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Parents unhappy with report on Social Security Bill - HEF

Contributor:
Fuseworks Media
Fuseworks Media

The Select Committee’s report on the Social Security (Benefit Categories and Work Focus) Amendment Bill recommends that children of beneficiaries aged 3-4 be compelled to attend an approved Early Childhood Education (ECE) programme for a yet-to-be-determined minimum time per week.

Yet according to the Committee’s report, an "overwhelming number" of submissions on the Bill expressed concern about the Social Obligations, which would force the preschool-aged children of beneficiaries to attend 15 hours’ ECE per week.

The majority of the Committee ignored the substance of these complaints, says Barbara Smith, National Director of the Home Education Foundation.

"The Committee majority recommended that parents should be allowed to home educate their 5-year-olds under the Bill, but does not provide the same home-care option for 3-4-year-olds," she says.

"This concession will do nothing to make parents happy with the Bill. They want the option to keep their preschool children at home. That’s all. They want to make the best decisions for their children. Many children simply are not ready to be left in a strange environment for any length of time at age 3."

In addition, the Social Obligations targeting beneficiaries for compulsory health care will remain in the Bill under the Select Committee’s recommendations. "The New Zealand Law Society, in their submission, stated that these obligations were discriminatory because they treated a group of people differently based on employment status," explains Mrs Smith. "We had hoped that the Select Committee might address that serious flaw in their majority report, but they did not."

Mrs Smith says that the thousands of parents, grandparents, and young people who made submissions on the discriminatory and coercive Social Obligations will be unhappy and disappointed with the majority’s report.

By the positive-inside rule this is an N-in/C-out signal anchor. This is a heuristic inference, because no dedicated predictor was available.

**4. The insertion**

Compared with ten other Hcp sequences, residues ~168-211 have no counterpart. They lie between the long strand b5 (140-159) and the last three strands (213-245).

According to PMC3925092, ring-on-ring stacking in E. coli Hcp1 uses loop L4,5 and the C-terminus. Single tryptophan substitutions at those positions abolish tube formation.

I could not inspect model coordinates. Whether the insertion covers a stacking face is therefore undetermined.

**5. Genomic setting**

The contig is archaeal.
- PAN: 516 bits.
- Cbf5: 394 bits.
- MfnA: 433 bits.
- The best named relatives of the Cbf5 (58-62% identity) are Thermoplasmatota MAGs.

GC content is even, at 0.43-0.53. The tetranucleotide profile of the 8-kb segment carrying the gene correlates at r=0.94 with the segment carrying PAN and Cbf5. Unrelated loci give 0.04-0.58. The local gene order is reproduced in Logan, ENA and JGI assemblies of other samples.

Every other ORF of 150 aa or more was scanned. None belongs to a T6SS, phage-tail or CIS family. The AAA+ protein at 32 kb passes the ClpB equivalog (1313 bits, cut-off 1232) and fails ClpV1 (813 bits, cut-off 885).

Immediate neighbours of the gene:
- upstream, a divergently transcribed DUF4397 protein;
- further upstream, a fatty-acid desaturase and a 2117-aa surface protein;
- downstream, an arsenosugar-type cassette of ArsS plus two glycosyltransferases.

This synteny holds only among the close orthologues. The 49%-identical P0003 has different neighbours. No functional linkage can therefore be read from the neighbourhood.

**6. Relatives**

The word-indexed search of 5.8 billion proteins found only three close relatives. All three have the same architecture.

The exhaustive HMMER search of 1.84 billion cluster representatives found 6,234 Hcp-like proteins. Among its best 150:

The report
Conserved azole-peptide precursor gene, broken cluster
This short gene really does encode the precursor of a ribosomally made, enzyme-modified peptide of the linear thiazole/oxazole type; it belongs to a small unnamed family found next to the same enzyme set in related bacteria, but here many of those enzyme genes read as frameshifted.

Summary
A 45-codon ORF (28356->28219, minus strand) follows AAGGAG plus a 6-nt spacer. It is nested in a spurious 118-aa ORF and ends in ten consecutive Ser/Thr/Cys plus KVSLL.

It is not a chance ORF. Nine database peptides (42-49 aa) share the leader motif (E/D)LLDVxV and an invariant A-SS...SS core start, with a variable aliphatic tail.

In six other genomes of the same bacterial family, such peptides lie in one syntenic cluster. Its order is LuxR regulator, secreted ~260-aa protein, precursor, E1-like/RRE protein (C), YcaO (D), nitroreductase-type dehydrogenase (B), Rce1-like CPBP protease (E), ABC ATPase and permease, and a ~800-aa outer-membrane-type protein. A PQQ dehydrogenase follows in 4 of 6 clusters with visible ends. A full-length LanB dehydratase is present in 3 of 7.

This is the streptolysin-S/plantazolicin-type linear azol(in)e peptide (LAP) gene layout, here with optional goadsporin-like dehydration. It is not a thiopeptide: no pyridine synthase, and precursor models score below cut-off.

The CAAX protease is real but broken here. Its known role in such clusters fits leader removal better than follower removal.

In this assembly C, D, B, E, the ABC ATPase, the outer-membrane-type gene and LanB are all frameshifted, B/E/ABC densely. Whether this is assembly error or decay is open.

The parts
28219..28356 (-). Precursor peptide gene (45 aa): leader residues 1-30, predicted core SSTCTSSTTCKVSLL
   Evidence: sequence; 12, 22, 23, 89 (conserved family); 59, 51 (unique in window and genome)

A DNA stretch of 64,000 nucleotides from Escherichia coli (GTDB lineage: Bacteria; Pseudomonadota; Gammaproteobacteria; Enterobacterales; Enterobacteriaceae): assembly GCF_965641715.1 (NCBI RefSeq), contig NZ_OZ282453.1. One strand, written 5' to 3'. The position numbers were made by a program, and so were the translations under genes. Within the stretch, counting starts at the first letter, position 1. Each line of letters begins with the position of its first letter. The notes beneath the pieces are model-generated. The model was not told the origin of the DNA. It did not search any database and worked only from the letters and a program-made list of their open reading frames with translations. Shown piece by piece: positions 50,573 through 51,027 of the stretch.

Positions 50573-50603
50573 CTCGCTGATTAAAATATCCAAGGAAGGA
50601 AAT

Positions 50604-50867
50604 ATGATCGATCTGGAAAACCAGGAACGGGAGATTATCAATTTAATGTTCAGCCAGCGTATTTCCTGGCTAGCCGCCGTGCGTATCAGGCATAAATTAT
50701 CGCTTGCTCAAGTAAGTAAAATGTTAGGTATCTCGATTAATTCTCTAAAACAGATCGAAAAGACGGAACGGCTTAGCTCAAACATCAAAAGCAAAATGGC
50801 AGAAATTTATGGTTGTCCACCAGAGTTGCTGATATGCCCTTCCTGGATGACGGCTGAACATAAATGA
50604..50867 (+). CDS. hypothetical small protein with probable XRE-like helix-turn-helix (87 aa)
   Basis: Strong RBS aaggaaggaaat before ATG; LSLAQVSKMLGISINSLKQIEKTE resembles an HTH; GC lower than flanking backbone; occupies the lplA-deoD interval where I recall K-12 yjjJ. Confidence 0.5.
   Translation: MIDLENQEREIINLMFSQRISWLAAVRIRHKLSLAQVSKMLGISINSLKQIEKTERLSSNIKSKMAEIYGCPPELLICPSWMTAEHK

But the minority views expressed by other parties in the Committee’s Report did speak up for parents facing separation from their young children.

According to the New Zealand Labour Party, "We believe the introduction of social obligations implies that a parent on government support is a poor parent. This is both wrong and unfair."

New Zealand First said, "The proposed sanctions are dramatic and borderline intrusive in the way beneficiary parents raise children." They went on to recognise that ECE is inappropriate for some children and families. "We understand that some families prefer home-based education, and in many cases this is more suited to a proportion of children over early childhood education. Many submitters were concerned about the social and emotional effects of separating children from their adult parents before the age of five."

Mrs Smith says that as the Bill approaches its Second Reading within the next week or two, it’s more important than ever for concerned parents to contact their local MPs to encourage them to stand against the bill.

"Ask your MP to vote against the Bill at its Second Reading if the Social Obligations are not removed," she says.

"Call, visit, and write to MPs alerting them to the human rights problems in the bill. Do it today."

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